Data_Sheet_1_Biogeochemical and Hydrological Drivers of Heterogeneous Nutrient Exports From Subterranean Estuaries.PDF (673.13 kB)
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Data_Sheet_1_Biogeochemical and Hydrological Drivers of Heterogeneous Nutrient Exports From Subterranean Estuaries.PDF

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posted on 29.09.2021, 04:09 by Andrea J. Pain, Jonathan B. Martin, Caitlin R. Young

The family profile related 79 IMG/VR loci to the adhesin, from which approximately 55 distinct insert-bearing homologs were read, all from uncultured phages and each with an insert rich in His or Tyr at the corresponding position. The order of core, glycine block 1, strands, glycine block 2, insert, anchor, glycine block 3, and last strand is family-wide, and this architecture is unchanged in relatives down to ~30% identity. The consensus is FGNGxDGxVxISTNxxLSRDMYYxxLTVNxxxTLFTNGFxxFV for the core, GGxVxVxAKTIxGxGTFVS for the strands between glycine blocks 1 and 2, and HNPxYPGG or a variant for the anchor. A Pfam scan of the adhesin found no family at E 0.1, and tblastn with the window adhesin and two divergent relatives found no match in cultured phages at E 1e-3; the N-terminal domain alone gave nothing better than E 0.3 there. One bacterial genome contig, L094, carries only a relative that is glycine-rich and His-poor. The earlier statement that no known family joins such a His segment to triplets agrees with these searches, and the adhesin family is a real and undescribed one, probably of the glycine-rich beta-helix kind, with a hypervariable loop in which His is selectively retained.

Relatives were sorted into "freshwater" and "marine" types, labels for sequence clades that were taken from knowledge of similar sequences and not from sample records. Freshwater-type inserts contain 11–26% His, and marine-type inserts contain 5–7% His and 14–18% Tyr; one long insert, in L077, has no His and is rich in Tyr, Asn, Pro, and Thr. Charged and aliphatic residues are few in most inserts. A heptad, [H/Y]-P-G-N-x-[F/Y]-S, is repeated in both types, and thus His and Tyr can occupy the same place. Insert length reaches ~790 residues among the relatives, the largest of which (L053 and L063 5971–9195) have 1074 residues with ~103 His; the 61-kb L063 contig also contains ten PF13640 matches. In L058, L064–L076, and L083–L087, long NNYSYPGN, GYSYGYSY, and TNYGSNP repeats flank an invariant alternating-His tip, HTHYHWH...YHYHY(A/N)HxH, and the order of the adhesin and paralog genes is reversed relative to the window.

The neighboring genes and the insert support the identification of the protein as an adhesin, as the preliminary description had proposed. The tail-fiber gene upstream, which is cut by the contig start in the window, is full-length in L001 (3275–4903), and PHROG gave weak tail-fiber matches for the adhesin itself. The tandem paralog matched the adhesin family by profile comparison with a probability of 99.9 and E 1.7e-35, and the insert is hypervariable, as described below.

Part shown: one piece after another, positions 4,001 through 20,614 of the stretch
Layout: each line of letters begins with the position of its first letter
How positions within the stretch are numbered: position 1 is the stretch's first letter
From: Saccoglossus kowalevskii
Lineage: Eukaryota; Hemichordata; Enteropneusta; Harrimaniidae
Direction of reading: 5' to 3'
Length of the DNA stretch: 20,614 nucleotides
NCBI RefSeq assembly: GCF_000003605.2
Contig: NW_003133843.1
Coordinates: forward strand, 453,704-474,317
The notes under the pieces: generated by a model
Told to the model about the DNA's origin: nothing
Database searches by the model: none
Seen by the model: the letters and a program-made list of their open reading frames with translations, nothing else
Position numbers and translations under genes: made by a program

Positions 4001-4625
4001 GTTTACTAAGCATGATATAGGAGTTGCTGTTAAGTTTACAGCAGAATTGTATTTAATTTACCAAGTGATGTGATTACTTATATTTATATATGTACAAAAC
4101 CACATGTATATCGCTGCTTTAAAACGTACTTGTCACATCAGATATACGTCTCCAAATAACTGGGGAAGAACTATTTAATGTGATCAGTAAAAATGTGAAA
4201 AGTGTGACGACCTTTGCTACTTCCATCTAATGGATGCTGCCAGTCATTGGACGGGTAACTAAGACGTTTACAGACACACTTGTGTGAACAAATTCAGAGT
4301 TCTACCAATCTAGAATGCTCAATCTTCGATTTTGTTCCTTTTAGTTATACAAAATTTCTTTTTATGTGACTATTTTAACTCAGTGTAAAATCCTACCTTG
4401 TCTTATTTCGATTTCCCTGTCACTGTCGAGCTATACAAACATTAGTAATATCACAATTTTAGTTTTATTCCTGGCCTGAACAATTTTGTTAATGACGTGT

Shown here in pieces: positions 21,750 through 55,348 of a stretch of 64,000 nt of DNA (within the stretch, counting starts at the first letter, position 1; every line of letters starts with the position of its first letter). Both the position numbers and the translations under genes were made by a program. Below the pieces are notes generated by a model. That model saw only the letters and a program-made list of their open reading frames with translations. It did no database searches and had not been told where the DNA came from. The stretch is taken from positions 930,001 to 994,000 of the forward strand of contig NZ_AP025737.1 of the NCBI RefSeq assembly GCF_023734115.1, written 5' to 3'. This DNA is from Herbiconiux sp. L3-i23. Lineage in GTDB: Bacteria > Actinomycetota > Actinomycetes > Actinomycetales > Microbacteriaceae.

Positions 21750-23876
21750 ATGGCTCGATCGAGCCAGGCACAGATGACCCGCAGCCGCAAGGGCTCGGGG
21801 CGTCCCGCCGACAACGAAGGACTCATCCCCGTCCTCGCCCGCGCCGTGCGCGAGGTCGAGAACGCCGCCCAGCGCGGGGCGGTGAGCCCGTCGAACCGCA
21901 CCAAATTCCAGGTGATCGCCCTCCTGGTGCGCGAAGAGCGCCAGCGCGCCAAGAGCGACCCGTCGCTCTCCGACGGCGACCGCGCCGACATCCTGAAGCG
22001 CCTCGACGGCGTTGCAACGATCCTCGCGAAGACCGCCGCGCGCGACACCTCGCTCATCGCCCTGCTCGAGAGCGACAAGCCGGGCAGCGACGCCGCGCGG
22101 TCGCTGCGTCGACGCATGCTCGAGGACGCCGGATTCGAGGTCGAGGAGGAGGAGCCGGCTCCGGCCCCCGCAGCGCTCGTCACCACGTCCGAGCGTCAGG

Submarine groundwater discharge (SGD) to coastal zones contributes terrestrial freshwater and nutrients that may support harmful algal blooms (HABs). The magnitude of nutrient exports via SGD depends on volumes of fresh groundwater discharge, its chemical composition, and modifications by biogeochemical processing within subterranean estuaries. Thus, the ability to upscale SGD exports requires knowing the range of chemical composition of inland groundwater and how those compositions may be transformed as fresh and saltwater mix within subterranean estuaries. These processes may create heterogeneous magnitudes of solute exports, even at small spatial scales, and such heterogeneities have rarely been assessed for regional or global SGD nutrient export estimates. To evaluate heterogeneity in subterranean estuary processes and nutrient export, we collected seasonal pore water samples in 2015–2016 at three proximal (<20 km) subterranean estuary sites in Indian River Lagoon, FL. Sites have homogenous hydrogeological settings, but differ in land use and coastal features, and include a mangrove site, an urban site, and a site offshore of a natural wetland. All sites exhibit little variation through time in nutrient concentrations and modeled SGD rates. In contrast, each site exhibits significantly different nutrient concentrations of potential fresh groundwater sources, fresh groundwater discharge volumes, and nutrient transformations within subterranean estuaries. Groundwater specific discharge correlates with nutrient concentrations, suggesting that higher residence times in the subterranean estuary increase biogeochemical transformations that reduce anthropogenic nutrient loads but increase in situ nutrient sources derived from organic matter remineralization. The differences in transformations lead to SGD nutrient contributions that differ by orders of magnitude between sites and have N:P ratios that are greater than the Redfield ratio (15) for the mangrove (29) and urban sites (28), but less than the Redfield ratio for the wetland site (8). These results indicate that heterogeneity of both absolute and relative nutrient export via SGD complicates integration of nutrient fluxes across regional coastal zones and evaluations of its impacts to coastal ecosystems. A better understanding of the drivers of heterogeneity, including subterranean estuary processes, land use, coastal topography, and vegetation dynamics could improve assessments of regional nutrient loading and upscaling for estimates of global solute cycles.